Robert Carsen created a jewel of a production for La Scala when he mounted a new Don Giovanni for the opening of the opera season in 2011. It is now being seen for the first time since then, and it is glorious both in the no-expense-spared staging and the wealth of ideas that Carsen brings, without ever being gimmicky.
It thrills from the beginning when Thomas Hampson, as Don Giovanni, leaps onto the apron from a stage box, tugs at the curtain, and the entire 16 by 12 metre piece of red velvet falls heavily to the ground – a stunning effect. Behind it is revealed a mirror the width and height of the proscenium which reflects La Scala's famous auditorium. And this is Carsen's conceit, not just a theatre within a theatre, but La Scala within La Scala.
His production features dozens of La Scala curtains and proscenium arches in varying sizes, which descend from the flies, slide in from the wings, turn, reveal hidden doors and windows, and create ever shifting spaces for the action. Not always ideal, certainly, for the acoustics, with often large uncontained spaces, sometimes divided diagonally, which are visually splendid but must have made the singers groan when they saw the set designs.
It is satisfying so know that even 250 years after the opera's premiere, the opera still tests singers: their technique and their courage. Only the very best should approach these roles… especially at La Scala. The current cast, all new to the production, were not all comfortable vocally, and they were certainly not assisted by Paavo Järvi's unrelenting conducting which didn't allow them to breathe or try to accommodate them in any way. During the rehearsal period, Hampson filled in the Gramilano Questionnaire, which includes the question, “On what occasion do you lie?” After witnessing this Don Giovanni, it is difficult not to suppose that he was thinking of Järvi when he wrote his answer!
Järvi had the orchestra sounding like a recording from the ‘50s. What happened to all that experience gained by period instrument groups over the last half century? Just because La Scala's orchestra uses modern instruments doesn't deny it the possibility of giving the sound some period style and bite.
There were, however, many fine things on offer musically.
The loudest applause was for Luca Pisaroni as Leporello, and rightly so. He is witty both in his singing and his movements, a sophisticated and subtle performer with a charming stage persona. He's also not afraid to leave the comfort zone of his glorious rich baritone and adopt expressive sounds which make his recitatives constantly vibrant and varied.
Don Ottavio was played by Bernard Richter, who processes a full, honeyed tenor and he dealt with the minefield of Il mio Tesoro admirably. The two ‘Donnas' – Hanna Elisabeth Müller and Anett Fritsch – both found difficulty in the highest passages, and could be stylistically erratic. True, they are fiendishly difficult roles but, ahem, this is La Scala. Tomasz Konieczny's was an ideal Commendatore: phlegmatic and powerful and – for his reappearance at the end of the opera, singing behind the audience in the Royal Box – rather intimidating.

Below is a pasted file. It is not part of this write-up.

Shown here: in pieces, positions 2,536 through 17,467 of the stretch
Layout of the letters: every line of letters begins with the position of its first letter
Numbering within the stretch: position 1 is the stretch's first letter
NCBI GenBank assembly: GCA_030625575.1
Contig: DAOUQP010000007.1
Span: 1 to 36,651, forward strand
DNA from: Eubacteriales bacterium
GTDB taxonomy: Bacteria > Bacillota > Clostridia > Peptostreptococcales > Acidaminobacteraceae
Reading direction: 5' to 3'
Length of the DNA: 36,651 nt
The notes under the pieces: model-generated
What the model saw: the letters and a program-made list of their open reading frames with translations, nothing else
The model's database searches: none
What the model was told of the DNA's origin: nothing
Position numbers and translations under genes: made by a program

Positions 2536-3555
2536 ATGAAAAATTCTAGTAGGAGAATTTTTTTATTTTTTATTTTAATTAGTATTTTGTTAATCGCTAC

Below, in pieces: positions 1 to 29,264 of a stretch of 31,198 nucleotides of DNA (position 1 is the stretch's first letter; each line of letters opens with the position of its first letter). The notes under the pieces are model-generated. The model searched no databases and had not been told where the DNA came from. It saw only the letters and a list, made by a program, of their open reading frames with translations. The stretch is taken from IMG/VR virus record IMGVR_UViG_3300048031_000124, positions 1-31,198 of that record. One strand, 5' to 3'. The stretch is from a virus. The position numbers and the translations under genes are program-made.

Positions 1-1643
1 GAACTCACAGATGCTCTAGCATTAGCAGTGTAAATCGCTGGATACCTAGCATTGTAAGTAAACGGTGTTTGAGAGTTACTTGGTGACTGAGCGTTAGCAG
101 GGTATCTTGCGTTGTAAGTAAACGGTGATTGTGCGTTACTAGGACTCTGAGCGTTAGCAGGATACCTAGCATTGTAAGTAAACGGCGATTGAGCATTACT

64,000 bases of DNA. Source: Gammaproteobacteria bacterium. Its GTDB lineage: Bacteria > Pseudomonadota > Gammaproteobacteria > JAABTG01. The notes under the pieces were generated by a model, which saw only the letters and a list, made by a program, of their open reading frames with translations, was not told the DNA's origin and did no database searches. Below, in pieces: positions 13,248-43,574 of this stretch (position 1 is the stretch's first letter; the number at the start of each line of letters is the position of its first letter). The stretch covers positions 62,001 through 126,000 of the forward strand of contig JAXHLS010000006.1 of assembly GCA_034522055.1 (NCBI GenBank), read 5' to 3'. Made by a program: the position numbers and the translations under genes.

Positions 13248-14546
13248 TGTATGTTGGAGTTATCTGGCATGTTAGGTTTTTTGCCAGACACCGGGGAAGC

Giulia Semenzato and Mattia Olivieri play Zerlina and Masetto. Semenzato, just a couple of years into her opera career, is one to watch: precise and clear, with an easy coloratura, and a sparkling, youthful tone. Olivieri has already excelled on La Scala's stage and again he is outstanding both as an actor and singer, with his satisfyingly bronzed baritone.
And then there is Thomas Hampson.
He is perfect for the role of Don Giovanni, and gives him a convincingly haughty and noble air with a self-confident swagger. We know from his first appearance that whatever he wants he will have. Tall and handsome, it is clear why 1,003 women in Spain alone have already succumbed to the charm he oozes. That tallness also makes the clothes swapping scene believable as Pisaroni is as tall, if not taller. When Hampson arrives as if dressed for a royal wedding at Zerlina and Masetto's simple, provincial affair, he squashes them all psychologically; no one can match this show of elegance, charisma and power. Hampson pulls it off with ease.
Carsen presents a traditional moral, with all the soloists aligned at the front of the stage after the Don has been sucked down into the depths of hell. However, as their last notes are sung, Hampson emerges from the back of the stage with an arrogant and amused smile. As the orchestra plays the final bars, it is Leporello and Co. who disappear into the ground as Hampson gives a wry, commedia dell'arte bow as if saying, “I always get what I want.” It's a sly and bitter end.
The theatre within a theatre gives us a moral within a moral.
14 May 2017, Teatro alla Scala, Milan
Production: La Scala, 2011
Chorus and orchestra of La Scala
Conductor: Paavo Järvi
Director: Robert Carsen
Sets: Michael Levine
Costumes: Brigitte Reiffenstuel
Lighting: Robert Carsen and Peter Van Praet
Choreography: Philippe Giraudeau
Don Giovanni: Thomas Hampson
Commendatore: Tomasz Konieczny
Don Ottavio: Bernard Richter
Donna Anna: Hanna Elisabeth Müller
Donna Elvira: Anett Fritsch
Leporello: Luca Pisaroni
Zerlina: Giulia Semenzato
Masetto: Mattia Olivieri
Graham Spicer is a writer, director and photographer in Milan, blogging (under the name ‘Gramilano') about dance, opera, music and photography for people “who are a bit like me and like some of the things I like”. He was a regular columnist for Opera Now magazine and wrote for the BBC until transferring to Italy.
His scribblings have appeared in various publications from Woman's Weekly to Gay Times, and he wrote the ‘Danza in Italia' column for Dancing Times magazine.